Here, if you're an organised person, you'll take a break and leave the cream cheese goop rest for at least an hour. If you're me, you'll throw it into the freezer for fifteen minutes and figure that it's good enough, which is also fine. Form the mixture into small balls, maybe a teaspoon each. Drop them into the flour, then beaten egg, then bread crumbs.

If they're really soft--if you live in Australia and it's really hot, or you're visiting elderly people who keep the house at 84--let the balls firm up before you fry them. If you refrigerated the filling before making balls, you're probably fine. Heat fryer (or pot of oil on the stove, because I'm not fancy and don't have a damn deep fryer) to 350, or hot enough that things start putting off bubbles as soon as you put them into the oil. Fry the balls until they're golden brown. Drain on paper towelling.

Eat immediately, or freeze them in a single layer and dump them into a ziplock when they're frozen. To reheat, just put them on a cookie tray and pop them into the oven at 350 for maybe 20 minutes. If you're the sort of person who likes dipping things, they're good with a creamy horseradish dip or ranch.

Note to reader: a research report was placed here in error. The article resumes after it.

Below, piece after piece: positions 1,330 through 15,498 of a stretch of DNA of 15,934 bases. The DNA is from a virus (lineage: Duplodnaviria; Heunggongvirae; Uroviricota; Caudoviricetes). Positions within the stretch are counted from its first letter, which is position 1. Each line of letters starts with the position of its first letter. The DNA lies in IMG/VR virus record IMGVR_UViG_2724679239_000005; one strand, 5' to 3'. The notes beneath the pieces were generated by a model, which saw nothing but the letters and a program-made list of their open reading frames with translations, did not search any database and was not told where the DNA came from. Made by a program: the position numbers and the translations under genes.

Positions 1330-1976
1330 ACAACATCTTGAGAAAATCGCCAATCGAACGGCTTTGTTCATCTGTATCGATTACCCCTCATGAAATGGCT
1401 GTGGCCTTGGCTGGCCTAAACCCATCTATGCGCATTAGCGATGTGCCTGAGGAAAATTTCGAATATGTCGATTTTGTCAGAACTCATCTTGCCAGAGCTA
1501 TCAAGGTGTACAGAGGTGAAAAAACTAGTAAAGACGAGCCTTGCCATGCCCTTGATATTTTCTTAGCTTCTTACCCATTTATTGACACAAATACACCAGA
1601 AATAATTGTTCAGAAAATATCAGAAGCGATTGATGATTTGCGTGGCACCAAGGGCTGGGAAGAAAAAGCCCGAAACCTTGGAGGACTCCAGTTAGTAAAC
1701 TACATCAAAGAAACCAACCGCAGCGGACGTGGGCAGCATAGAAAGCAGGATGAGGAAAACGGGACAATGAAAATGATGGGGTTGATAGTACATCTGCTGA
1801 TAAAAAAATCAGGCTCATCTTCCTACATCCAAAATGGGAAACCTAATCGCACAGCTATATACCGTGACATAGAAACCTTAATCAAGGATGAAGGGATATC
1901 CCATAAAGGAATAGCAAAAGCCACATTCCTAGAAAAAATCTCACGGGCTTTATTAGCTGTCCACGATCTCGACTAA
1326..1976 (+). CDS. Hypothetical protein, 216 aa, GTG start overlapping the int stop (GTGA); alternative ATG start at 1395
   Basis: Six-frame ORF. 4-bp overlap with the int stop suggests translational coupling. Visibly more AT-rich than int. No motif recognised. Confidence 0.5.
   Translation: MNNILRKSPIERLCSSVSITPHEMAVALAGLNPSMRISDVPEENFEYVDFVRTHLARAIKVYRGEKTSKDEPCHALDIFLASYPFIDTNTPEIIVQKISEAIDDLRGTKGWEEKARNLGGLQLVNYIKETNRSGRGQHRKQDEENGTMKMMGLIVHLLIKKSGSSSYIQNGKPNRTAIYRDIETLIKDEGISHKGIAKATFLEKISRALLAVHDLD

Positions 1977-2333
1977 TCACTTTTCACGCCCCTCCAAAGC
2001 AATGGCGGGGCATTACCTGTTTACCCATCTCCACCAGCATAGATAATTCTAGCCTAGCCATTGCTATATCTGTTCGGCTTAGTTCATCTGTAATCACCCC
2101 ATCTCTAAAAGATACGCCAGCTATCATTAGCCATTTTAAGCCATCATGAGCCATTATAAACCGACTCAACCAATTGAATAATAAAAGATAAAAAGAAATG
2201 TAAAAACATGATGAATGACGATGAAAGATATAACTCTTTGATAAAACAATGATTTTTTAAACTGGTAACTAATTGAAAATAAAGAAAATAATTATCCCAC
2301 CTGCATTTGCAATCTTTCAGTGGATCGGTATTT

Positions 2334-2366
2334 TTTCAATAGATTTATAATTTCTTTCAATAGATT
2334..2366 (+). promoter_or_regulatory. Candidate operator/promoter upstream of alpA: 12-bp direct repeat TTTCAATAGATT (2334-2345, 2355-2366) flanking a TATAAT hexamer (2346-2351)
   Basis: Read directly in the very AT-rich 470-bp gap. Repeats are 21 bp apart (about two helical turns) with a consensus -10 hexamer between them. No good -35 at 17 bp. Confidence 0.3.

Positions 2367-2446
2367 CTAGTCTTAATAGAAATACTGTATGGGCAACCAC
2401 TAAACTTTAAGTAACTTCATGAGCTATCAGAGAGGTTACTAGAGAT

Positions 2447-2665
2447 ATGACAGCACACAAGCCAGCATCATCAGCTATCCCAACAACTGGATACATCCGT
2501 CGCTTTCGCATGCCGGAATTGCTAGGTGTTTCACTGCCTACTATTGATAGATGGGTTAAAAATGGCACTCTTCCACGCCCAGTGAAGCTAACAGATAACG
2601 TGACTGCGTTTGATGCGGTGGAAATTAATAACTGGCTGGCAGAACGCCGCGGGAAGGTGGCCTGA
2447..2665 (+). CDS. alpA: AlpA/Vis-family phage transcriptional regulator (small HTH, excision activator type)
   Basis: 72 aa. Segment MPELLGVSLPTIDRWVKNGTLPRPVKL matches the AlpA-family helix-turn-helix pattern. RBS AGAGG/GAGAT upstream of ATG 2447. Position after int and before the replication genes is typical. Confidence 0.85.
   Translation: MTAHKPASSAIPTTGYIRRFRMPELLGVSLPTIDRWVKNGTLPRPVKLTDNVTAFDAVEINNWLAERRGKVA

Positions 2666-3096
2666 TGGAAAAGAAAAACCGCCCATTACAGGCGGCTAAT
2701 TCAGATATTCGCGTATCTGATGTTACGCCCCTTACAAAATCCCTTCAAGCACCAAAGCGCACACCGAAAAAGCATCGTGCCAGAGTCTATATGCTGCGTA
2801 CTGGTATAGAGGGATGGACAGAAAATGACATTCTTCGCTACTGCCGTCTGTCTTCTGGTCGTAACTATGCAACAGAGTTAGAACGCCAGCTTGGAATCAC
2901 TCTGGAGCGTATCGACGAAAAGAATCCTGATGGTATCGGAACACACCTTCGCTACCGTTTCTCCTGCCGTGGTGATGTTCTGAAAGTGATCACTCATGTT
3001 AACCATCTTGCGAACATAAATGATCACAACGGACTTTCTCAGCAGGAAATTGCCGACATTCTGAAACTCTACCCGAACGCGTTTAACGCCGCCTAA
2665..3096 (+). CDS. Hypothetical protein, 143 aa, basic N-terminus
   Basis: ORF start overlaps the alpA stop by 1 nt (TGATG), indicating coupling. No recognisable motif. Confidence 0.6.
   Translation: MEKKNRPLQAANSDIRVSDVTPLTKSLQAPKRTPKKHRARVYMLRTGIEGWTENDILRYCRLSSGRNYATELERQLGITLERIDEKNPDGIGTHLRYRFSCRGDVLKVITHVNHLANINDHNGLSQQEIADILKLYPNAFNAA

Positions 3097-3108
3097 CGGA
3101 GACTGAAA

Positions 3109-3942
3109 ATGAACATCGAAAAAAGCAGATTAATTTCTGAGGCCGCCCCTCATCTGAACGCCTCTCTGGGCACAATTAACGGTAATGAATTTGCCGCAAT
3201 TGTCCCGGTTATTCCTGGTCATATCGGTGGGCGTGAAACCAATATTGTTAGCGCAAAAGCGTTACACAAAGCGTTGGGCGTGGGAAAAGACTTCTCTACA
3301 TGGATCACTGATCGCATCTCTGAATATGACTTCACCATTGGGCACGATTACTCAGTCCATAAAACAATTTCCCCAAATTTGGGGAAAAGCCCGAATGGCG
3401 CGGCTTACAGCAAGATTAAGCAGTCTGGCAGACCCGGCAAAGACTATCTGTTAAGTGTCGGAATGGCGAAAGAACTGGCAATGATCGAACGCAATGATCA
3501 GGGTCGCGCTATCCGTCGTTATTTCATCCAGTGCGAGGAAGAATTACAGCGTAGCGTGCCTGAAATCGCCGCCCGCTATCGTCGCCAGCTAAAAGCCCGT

posted by MeghanC at 10:23 PM on December 13, 2013 [4 favorites]

Sushi balls! It's sushi but easier to make, and looks and tastes delicious.
posted by Too-Ticky at 1:22 AM on December 14, 2013

Sausage cheese balls! The classic recipe is delicious as-is, but upping your game with different sausages and cheeses also makes for something wonderful.
posted by rhiannonstone at 2:21 PM on December 14, 2013

Can't believe no one has suggested Rocky Mtn Oysters, Prairie Oysters, or Montana Tendergroins.
Another great dessert idea
posted by JABof72 at 12:05 PM on December 16, 2013

Forgot; these not only look cool, they're easy, and inexpensive.
Even cooler with quail eggs (found in any decent-sized Asian market)
posted by JABof72 at 12:16 PM on December 16, 2013